Contemplating today's Gospel

Liturgical day: Wednesday 15th in Ordinary Time

View 1st Reading and Psalm

Gospel text (Mt 11,25-27): On one occasion Jesus said, «Father, Lord of heaven and earth, I praise you, because you have hidden these things from the wise and learned and revealed them to simple people. Yes, Father, this is what pleased you. Everything has been entrusted to me by my Father. No one knows the Son except the Father, and no one knows the Father except the Son and those to whom the Son chooses to reveal him».

Comment: Fr. Raimondo M. SORGIA Mannai OP (San Domenico di Fiesole, Florencia, Italy)

«You have hidden these things from the wise and learned and revealed them to simple people»

Today, the Gospel offers us the opportunity to accede, so to speak, to the very structure of the divine wisdom. Who, amongst us, would not love to become acquainted with the unfathomable mysteries of life? There are enigmas the world's best team of investigators would not even dream of detecting. There is One however before which «there is nothing hidden, (...); nor is anything secret» (Mk 4:22). This is the mystery of who calls himself the “Son of man ”, inasmuch He says about himself: «All things have been handed over to me by my Father» (Mt 11:27). His human nature —through the hypostatic union— has been assumed by the Person of the Word of God: He is, in short, the Second Person of the Holy Trinity, before which darkness does not exist and for which, night is more luminous than broad daylight.

An Arab proverb says: «If a pitch black night a black ant climbs over a black wall, God sees it». There are neither secrets nor mysteries for God. There are mysteries for us, but not for God, before whom, past, present and future are open and dug into, to the last comma.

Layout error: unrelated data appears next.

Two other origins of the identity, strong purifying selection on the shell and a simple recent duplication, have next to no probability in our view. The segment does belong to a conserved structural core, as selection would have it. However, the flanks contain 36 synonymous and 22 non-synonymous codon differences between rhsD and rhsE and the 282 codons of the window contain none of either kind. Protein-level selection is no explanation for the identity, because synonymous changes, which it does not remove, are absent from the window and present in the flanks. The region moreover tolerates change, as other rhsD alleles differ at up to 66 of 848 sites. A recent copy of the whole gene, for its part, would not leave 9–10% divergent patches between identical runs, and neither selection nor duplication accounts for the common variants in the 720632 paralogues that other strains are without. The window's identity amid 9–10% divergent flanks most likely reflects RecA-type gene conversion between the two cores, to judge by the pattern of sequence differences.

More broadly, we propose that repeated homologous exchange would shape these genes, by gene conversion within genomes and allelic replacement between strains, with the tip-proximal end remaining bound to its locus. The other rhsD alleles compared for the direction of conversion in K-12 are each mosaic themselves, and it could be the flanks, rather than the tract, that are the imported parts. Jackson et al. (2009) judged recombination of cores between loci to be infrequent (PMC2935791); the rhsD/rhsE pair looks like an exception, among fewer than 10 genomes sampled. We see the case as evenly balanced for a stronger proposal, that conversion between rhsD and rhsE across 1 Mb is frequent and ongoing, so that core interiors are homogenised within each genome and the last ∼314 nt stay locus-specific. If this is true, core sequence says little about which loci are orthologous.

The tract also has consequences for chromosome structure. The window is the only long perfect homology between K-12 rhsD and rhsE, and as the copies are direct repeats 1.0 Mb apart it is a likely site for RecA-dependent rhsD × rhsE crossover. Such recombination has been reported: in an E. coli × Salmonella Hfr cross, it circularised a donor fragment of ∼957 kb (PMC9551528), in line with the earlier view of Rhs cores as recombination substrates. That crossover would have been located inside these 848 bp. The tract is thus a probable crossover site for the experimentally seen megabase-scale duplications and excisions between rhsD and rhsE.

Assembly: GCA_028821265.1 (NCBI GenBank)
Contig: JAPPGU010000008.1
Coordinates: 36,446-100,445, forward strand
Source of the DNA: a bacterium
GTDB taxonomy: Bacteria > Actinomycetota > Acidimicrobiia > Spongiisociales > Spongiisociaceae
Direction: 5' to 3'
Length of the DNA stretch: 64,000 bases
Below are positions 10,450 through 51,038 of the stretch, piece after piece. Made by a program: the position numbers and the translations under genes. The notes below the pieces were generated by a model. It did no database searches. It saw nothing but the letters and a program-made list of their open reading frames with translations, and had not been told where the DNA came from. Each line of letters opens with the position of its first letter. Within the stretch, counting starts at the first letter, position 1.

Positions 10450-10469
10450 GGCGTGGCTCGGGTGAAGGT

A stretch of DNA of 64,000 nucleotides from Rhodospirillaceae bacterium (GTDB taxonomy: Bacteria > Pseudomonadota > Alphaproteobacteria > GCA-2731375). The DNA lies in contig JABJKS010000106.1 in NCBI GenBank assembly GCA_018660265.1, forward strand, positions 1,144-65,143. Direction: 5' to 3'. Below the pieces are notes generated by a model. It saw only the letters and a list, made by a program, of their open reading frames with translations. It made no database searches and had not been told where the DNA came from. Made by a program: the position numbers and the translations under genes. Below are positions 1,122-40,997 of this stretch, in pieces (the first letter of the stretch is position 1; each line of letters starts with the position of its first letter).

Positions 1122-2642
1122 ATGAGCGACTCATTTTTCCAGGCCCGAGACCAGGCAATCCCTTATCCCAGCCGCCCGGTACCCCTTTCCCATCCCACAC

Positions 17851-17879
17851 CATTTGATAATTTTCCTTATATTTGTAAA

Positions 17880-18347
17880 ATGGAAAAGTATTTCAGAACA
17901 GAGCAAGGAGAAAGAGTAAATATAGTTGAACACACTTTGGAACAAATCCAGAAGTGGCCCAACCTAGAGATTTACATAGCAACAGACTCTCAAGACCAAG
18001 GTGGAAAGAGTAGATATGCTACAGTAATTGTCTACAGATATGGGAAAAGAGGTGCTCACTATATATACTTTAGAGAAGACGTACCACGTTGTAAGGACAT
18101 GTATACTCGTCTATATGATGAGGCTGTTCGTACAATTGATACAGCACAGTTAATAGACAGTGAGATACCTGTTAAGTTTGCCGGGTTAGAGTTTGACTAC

Quite pleased, the Lord says today: «Father, Lord of heaven and earth, I praise you, because you have hidden these things from the wise and learned and revealed them to simple people» (Mt 11:25). Indeed, because no one could pretend to know these or similar hidden secrets, not even by bringing them out of the darkness through exhaustive studies, or as the wisdom should. A little old aged woman, without any school experience, will always be more aware about the deep secrets of life than the pretentious scientist that has spent an awful lot of money at reputed universities. Certain science can be achieved through inner faith, humility and poorness. Clement of Alexandria very well wrote: «Night is favourable for mysteries; it is then when our soul —attentive and humble— turns on itself while pondering over its condition; it is then when it finds God».